good graphic design decision from a manager who has no sense
whatsoever about graphic design -- or from someone who has no respect
or trust in the expertise of graphic designers -- eyetracking may be
a good tool to apparently quantify an expert opinion. Otherwise, I am
incredibly skeptical -- it's not even like chicken soup, where it
doesn't hurt to try it, because a graphic design dolt can easily look
at eyetracking data and come up with manifestly bad advice.

Basically, if you have a good graphic designer that your organization
trusts I don't see how eyetracking will help you at all. If you don't
have a good graphic designer that is trusted by your organization,
use the money you'd spend on eyetracking to get one. If your
organization doesn't trust graphic designers, quit.

-Cf

Christopher Fahey
____________________________
Behavior
biz: http://www.behaviordesign.com
me: http://www.graphpaper.com

21 Nov 2007 - 2:50pm
Leisa Reichelt
2006

just a little sidenote:

it is fascinating to read the comments that people have left to the
originally quoted article - lots and lots of incredibly positive and
thankful comments with people talking of going back and redesigning
their sites as a result of this information.

it says a lot for the great demand out there for someone to make these
grand pronouncements about what works and what doesn't (with or
without context).

People do love their rules don't they.

I always find it a constant balancing act to try to give people this
sense of perceived value through pronouncements and actually getting
them to understand the context in which the design decisions are being
made.
________________________
Leisa Reichelt
Disambiguity.com

leisa.reichelt at gmail.com
+44 778 071 2129

21 Nov 2007 - 3:27pm
pnuschke
2007

Interesting article and discussion.

I've done a number of eyetracking studies and can say that there is
one thing that eyetracking is always great for- communication. Even if
you know that a problem exists, it is sometimes difficult to
communicate that understanding to people not as well versed in design
as we are. Eyetracking provides some great visuals that show the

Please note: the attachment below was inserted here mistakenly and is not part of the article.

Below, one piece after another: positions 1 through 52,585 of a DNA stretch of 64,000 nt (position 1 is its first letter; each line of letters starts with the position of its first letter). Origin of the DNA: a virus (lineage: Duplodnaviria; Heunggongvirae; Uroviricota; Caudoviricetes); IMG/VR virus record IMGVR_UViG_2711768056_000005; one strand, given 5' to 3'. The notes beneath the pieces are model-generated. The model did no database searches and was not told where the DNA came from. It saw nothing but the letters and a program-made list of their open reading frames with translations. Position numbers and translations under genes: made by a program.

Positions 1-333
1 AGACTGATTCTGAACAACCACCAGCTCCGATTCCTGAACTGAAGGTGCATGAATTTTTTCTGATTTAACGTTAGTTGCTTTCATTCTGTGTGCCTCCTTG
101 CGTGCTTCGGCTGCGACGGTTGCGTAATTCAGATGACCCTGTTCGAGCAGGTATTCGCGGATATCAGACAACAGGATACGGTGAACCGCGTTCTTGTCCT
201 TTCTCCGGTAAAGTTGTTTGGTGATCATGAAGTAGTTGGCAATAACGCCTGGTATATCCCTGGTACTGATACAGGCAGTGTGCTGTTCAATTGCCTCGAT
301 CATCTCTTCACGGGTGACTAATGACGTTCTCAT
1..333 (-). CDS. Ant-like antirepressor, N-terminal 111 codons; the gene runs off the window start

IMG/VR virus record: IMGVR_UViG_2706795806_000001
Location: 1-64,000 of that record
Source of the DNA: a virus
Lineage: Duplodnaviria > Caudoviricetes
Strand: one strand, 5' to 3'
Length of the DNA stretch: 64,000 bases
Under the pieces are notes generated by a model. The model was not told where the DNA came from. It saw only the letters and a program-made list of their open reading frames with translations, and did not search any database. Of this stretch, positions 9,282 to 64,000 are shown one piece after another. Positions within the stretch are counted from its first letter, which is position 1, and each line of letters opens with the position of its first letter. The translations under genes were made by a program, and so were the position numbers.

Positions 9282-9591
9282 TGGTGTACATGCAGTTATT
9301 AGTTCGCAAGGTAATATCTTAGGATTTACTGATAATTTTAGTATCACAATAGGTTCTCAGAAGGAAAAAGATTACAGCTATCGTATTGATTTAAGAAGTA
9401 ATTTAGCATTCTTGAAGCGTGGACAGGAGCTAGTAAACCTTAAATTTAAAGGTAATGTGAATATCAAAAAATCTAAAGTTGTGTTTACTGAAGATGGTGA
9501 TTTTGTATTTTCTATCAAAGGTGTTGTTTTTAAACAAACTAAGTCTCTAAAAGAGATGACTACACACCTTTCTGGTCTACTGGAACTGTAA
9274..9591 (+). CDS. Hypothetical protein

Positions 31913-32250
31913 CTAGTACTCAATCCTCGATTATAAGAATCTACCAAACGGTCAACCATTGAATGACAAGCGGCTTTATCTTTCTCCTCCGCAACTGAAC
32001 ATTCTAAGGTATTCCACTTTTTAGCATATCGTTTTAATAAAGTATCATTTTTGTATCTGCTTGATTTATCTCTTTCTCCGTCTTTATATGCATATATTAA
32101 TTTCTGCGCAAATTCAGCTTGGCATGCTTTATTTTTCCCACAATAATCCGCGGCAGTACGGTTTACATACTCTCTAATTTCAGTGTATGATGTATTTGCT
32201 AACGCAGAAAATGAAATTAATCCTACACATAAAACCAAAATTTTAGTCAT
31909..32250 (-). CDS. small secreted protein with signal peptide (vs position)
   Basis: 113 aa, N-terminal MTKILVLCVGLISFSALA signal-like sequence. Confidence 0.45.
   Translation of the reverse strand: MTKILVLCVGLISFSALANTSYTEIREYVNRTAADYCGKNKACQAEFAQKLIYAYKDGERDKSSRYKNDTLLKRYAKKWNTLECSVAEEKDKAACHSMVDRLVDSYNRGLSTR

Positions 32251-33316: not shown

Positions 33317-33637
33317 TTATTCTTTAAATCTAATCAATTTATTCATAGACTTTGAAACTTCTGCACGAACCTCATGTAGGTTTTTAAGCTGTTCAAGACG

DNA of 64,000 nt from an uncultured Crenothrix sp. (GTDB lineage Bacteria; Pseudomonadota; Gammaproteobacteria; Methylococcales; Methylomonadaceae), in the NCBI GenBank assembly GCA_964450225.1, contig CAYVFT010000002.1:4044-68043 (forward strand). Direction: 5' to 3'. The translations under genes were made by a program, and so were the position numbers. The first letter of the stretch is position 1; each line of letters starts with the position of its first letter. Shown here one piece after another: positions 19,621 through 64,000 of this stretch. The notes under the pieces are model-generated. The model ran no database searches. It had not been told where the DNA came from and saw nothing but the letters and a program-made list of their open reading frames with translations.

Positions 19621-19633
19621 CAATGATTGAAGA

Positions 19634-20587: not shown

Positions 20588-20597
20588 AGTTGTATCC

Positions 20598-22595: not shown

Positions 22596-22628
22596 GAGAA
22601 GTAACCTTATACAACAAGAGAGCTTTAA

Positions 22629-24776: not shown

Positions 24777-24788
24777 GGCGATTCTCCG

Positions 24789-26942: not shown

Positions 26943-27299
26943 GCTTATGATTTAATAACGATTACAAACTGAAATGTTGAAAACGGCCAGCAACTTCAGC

problem in a concrete way.

Paul Nuschke
Human Factors Analyst
Electronic Ink

On Nov 21, 2007 10:56 AM, Robert Hoekman, Jr. <robert at rhjr.net> wrote:
> 23 rules actionable lessons from eye-tracking studies:
> http://tinyurl.com/yrhydu
>
> I'm curious whether or not others on the list take this stuff seriously. I
> haven't decided yet if I think eye-tracking is a useful tool, and although I
> definitely have some opinions on the subject, I'd like some other
> perspectives to form a better picture.
>
> Several of these "actionable lessons" bother me. For example, "One-column
> formats perform better in eye-fixation than multi-column formats."
> *
> *
> This seems painfully obvious, and also completely useless. Of course a
> single-column is going to perform better - you only have to look at a single
> column rather than two! But how does this help us? I'm certainly not going
> to start using single-column layouts all the time just because it's faster.
> When it comes down to it, a few seconds difference in the time it takes to
> digest a page isn't going to make or break a user's experience. What matters
> is whether the content is worth it. What matters is whether the value in
> exploring the page outweighs the difficulty in doing so.
>
> Another: "Ads placed next to the best content are seen more often."
>
> Again, painfully obvious. But does this mean that people actually "see" the
> ads, or that they happen to fixate on them for more than a millisecond? Does
> it mean they read them? Click them more often?
>
> There are so many factors to consider in web design and usability, it's hard
> to imagine that eye-tracking results can yield information that is truly
> helpful.
>
> -r-
> ________________________________________________________________
> *Come to IxDA Interaction08 | Savannah*
> February 8-10, 2008 in Savannah, GA, USA
> Register today: http://interaction08.ixda.org/
>
> ________________________________________________________________
> Welcome to the Interaction Design Association (IxDA)!
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> Unsubscribe ................ http://www.ixda.org/unsubscribe
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>

21 Nov 2007 - 12:21pm
zack Frazier
2007

While it is true that many of the conclusions from eye-tracking
studies are obvious I'm not ready to lump them with "Gun-Toting
Drivers are More Prone to Road Rage."

What can we say about the behaviors that have obviously been
influenced directly by UXD over the years? For example:

Text attracts attention before graphics.
Readers ignore banners.
Fancy formatting and fonts are ignored.
One-column formats perform better in eye-fixation than multi-column
formats.
Text ads were viewed mostly intently of all types tested.

Wouldn't many of these behaviors tested differently in 1993 for a user